The government of Bangladesh (GoB) is at present negotiating with the International Monetary Fund (IMF) team about possible conditionalities pegged with a $4.5 billion loan.
The IMF has so far spoken about providing autonomy to the central bank (Bangladesh Bank), reforming the tax policy and VAT policy, allowing exchange rates and interest rates to be market determined, and reducing fuel subsidies substantially, among other things.
Recently, Transparency International Bangladesh (TIB) raised a few concerns about some of the conditions the IMF could attach to the loan.
TIB pointed out some possible "distributive injustices" they would create. Specifically, it was referring to the IMF's proposed requirements to reform subsidies on fuel, fertiliser, electricity and gas.
The Business Standard reached out to Dr Iftekharuzzaman, Executive Director of TIB, to discuss the issues in detail.
The TIB report said many of the IMF's proposed conditions are not consistent with its policy on corruption and money laundering. Do you think they are giving Bangladesh a free pass on these issues?
I do not want to put it exactly that way. We do not know the deals yet. Some of the things that we are hearing are coming from the media through unnamed officials. However, as of yet, we have not heard that these two particular issues, corruption and money laundering, have been raised by the IMF.
In general, however, the IMF is a lending policy to ensure good governance. And at the same time, particular emphasis is given to prevention and control of corruption and money laundering, and financial regulations to ensure transparency.
That is why we are thinking and raising the question on whether they are being consistent with their usual policy. And we are urging them to pitch these issues and be consistent in line with their conventions.
But obviously we do not know what conditions are being discussed behind the closed doors. Probably, in the coming days, they are going to disclose them in a press conference. And if we see that topics of good governance are not included, only then can we say that the IMF is giving Bangladesh a kind of free pass on this.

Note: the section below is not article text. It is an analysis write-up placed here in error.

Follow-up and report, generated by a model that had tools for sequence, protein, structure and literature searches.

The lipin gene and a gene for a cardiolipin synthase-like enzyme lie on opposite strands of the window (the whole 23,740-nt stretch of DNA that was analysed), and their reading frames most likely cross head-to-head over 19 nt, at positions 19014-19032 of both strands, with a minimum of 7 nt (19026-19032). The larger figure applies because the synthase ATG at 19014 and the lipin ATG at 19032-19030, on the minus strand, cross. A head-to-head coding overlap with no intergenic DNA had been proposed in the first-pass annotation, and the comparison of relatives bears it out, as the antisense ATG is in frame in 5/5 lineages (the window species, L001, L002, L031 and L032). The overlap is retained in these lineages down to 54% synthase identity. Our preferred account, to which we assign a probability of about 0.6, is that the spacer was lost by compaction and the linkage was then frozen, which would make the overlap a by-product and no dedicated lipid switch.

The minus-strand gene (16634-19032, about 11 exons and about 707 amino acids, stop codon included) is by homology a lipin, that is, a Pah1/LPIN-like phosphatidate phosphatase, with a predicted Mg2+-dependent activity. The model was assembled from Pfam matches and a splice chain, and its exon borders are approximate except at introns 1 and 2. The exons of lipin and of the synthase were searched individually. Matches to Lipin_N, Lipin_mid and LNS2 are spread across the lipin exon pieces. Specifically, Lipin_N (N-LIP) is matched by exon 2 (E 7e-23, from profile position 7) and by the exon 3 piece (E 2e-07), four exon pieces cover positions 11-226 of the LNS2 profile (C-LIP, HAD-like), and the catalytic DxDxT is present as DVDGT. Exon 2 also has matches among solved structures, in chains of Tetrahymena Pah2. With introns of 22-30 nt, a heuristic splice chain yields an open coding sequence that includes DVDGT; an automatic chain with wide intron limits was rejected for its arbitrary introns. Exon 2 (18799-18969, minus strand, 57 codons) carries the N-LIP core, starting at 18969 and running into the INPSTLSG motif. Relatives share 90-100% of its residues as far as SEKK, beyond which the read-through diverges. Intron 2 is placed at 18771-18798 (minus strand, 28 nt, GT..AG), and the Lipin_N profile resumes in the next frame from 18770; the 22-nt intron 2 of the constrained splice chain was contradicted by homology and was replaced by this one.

The purpose of TIB's press release was to raise these issues, to tell them to include it and push GoB. It would be demoralising if the IMF were acting in a manner which is contradictory with its own policies, and is failing to take meaningful strategic actions to encourage good governance.
Without these measures, I do not think their loan packages will have the intended effect they are designed for. Moreover, they will have a negative effect on those who are already under extreme amounts of pressure.
TIB also said that the conditions must be planned in a way that it does not overburden general people and create discriminatory impacts on them. What conditions that are being negotiated seem to you discriminatory and should be reconsidered?
IMF's conditions are often strict and uncomfortable for the borrower. But they are an essential component of its lending convention. The most important thing is whether the package will put the general people first or not; whether they will prioritise the public interest or not.
In many cases, we have seen that packages go against the people and harm their interests. So, other than the good governance part, we have also raised a point on the challenges the loan agreement will pose. Our concern is whether the associated conditions with the loans are promoting public interest or not.
One of our concerns is that the public will be overburdened. Subsidy reduction will definitely push the commodity prices even higher. As a result, inflation will be much higher for food and non-food products.
The aftereffect of the Covid-19 pandemic and the ongoing Russo-Ukraine war has increased the price of essential commodities. Common people are struggling. Agreeing to any such conditions which could skyrocket inflation would be counter-productive.
What about the demands forwarded by the IMF, for instance, on financial regulations. Do you think they are good for Bangladesh?
Many of the terms and conditions are logical - such as autonomy of the central bank, reform in tax policy and addressing the distressed condition (frauds and irregularities) of the banking sector. It is appreciable that they focused on these issues. We have been advocating for these for years. If the government was willing, they could have done these before.
These reforms were recommended a long time ago. But the government did not pay any heed to it. Now that the IMF is pushing, finally we might see some long-awaited changes.
Moreover, the tax-GDP ratio should be increased. Bangladesh currently has the lowest tax-GDP ratio in the world. The IMF will probably also ask to increase tax collection, while GoB has been largely enthusiastic on VAT.
VAT is itself a discriminatory tool of revenue collection. Everyone – irrespective of their income and wealth – has to pay the same amount of VAT. We have been trying to draw attention to this point for a long time.
To address tax evasion, one standard procedure is a common reporting standard, Bangladesh should accede to this point. To address money laundering, mis-invoicing should be stopped.
Do you think we actually need the IMF loan right now? Even the planning minister recently said it will only provide temporary relief.
I think the loan is needed to revive our economy, albeit the relief being temporary. The obtained $4.5 billion loan would be used towards relieving some of the strain on the balance of payments. It would also provide support for the expenditures made by the government.
Moreover, as the banking industry is experiencing challenges with LC settlement, it is quite probable that a significant portion of the loan will be used towards finding a solution to this problem. Given the scenario, seeking a loan from the IMF seems rational.